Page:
Instead of calling for restrictive regulations there is an urge felt to
design and practice a 'digital public domain' developed by a wide range of
social and cultural partners. These multi-disciplinary efforts result in a
demand for a public infrastructure which will utilize the often unused
Internet capacity (called 'dark fiber') for multiple educational and
creative purposes. In the conceptual vacuum which the dotcom era has left
behind, a rich and critical Internet culture has hit the surface, offering
sustainable and imaginative alternatives to both corporate and government
attempts to contain the Internet.

In order to frame an agenda for a creative and radical pragmatism which
leaves behind the cultural pessimism of post-modernity, leftist technophobia
and dotcom delusions, Dark Fiber investigates and formulates a political
economy of the Internet. Besides debunking the ideological parameters of
utopian promises embodied in magazines such as Wired, Dark Fiber examines
the inner workings of social networks beyond intention and rhetoric. It
studies the materiality of online communities by looking into the economics
of Internet culture and its group dynamics.

There is still enough room to explore the undiscovered potentials of, for
example, peer to peer networks, free software, alternative browsers and user
interfaces. However, if these concepts and prototypes want to be successful
it is necessary for the 'geek' engineer culture to make a 'cultural leap.'
Art and design in the new media context are not merely decoration created in
order to compensate the boredom of the everyday. What is needed in today's
technological culture is an open and equal dialogue between citizens,
designers, programmers, business and governments to overcome the 'cultural
divide' and shape the network society in a new way. The information
infrastructure is too important to be left to technologists or e-commerce

Dark Fiber looks into the ambivalent role cyberculture is playing in the
mobilization of creative potentials on the side of both producers (artists,
designers, programmers, hackers and activists) and users, tamed into the
role of consumers. Crucial here are the different stages of new media
culture, from its mythical, speculative stage, complete with its New Age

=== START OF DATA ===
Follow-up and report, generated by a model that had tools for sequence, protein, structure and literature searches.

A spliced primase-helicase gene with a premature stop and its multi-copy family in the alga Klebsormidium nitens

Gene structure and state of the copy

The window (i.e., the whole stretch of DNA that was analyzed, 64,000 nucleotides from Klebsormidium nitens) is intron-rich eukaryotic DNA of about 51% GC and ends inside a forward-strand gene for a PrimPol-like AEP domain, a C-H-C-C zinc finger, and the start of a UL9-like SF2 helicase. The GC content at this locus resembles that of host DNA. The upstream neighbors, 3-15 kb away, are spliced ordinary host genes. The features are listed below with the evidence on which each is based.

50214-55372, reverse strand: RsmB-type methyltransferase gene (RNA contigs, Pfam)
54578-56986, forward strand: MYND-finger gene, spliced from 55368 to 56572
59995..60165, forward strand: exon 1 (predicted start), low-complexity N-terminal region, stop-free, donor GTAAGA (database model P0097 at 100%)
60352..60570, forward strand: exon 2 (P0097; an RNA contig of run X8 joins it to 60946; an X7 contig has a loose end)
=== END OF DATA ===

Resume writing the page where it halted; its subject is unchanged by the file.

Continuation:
visionaries, leading to a period of hype dominated by the neo-Darwinist
business New Economy agenda, culminating into a stage of numbed
'massification,' a climate dominated by online surveillance, zero privacy,
viruses and filters, information overload and a diffuse paranoia about the
online Other.

The essays in this book investigate the analytical concept of net criticism
and its strategic implementation called 'tactical media.' The concept of
tactical media has been developed to describe the new circumstances of
alternative or independent initiatives which have grown away from previous
oppositional or subcultural contexts into a vibrant, global new media
culture, intervening with the technology itself. Internet is not just a
tool. Tactical media, such as community networks, mailinglists, independent
media centers, art servers, temporary media labs are not to be marginalized
to the fringes of a business-dominated Internet. These cultural membranes
have both initiated and responded to new hard-and software applications,
have developed collaborative artistic interfaces, and have thoughtfully
assessed the social consequences of globalization.

Both net criticism and tactical media are analyzed as precise sensors of
cultural conditions in the digital age. Net criticism should not so much be
defined as yet another emerging discipline with literary criticism and
cultural studies as its predecessors, but rather it is described as a
collaborative form to create networked discourses in which theory and
practice, code and content, reflection and production, interface design and
network architecture are closely intertwined.

Written in reflexive relationships with the development of these fields, the
 essays here were developed within a worldwide diversity of social and
artistic networks. To stress the importance of intercultural collaboration
in the field of techno-culture three travelogues were included, describing
the global impact and diversity of the emerging Internet culture. In
Albania, Europe's poorest and most isolated country, new media are used by
NGOs and artists. In Taiwan, with the September 1999 earthquake as a
pretext, cultural politics of the Internet were being discovered, while in
Delhi (India) a new media center explores free software, public access and
Hindi interfaces, mapping the social and cultural use of technology beyond
the official rhetoric of 'digital divide.'

The concepts do not merely reflect on new media from an outsider's
perspective, nor do they intend to represent a particular (alternative)
lifestyle. They are written with a passionate commitment to media theory,
building on more than a decade of new media experience, with the certainty
that "ideas do matter" (Joseph Weizenbaum).

Some of the topics and issues raised in Dark Fiber: the erosion of e-mail,
meet the virtual intellectual, the rise of NGOs and the Soros networks,
bandwidth for all, the rise and fall of dotcommania, the dawn of techno
mysticism, the search for sustainable social networks, the fight for a
public Internet time standard, net activist strategies from
counter-information to electronic civic disobedience, testing the boundaries
of mailinglist culture and the art of collaborative text filtering.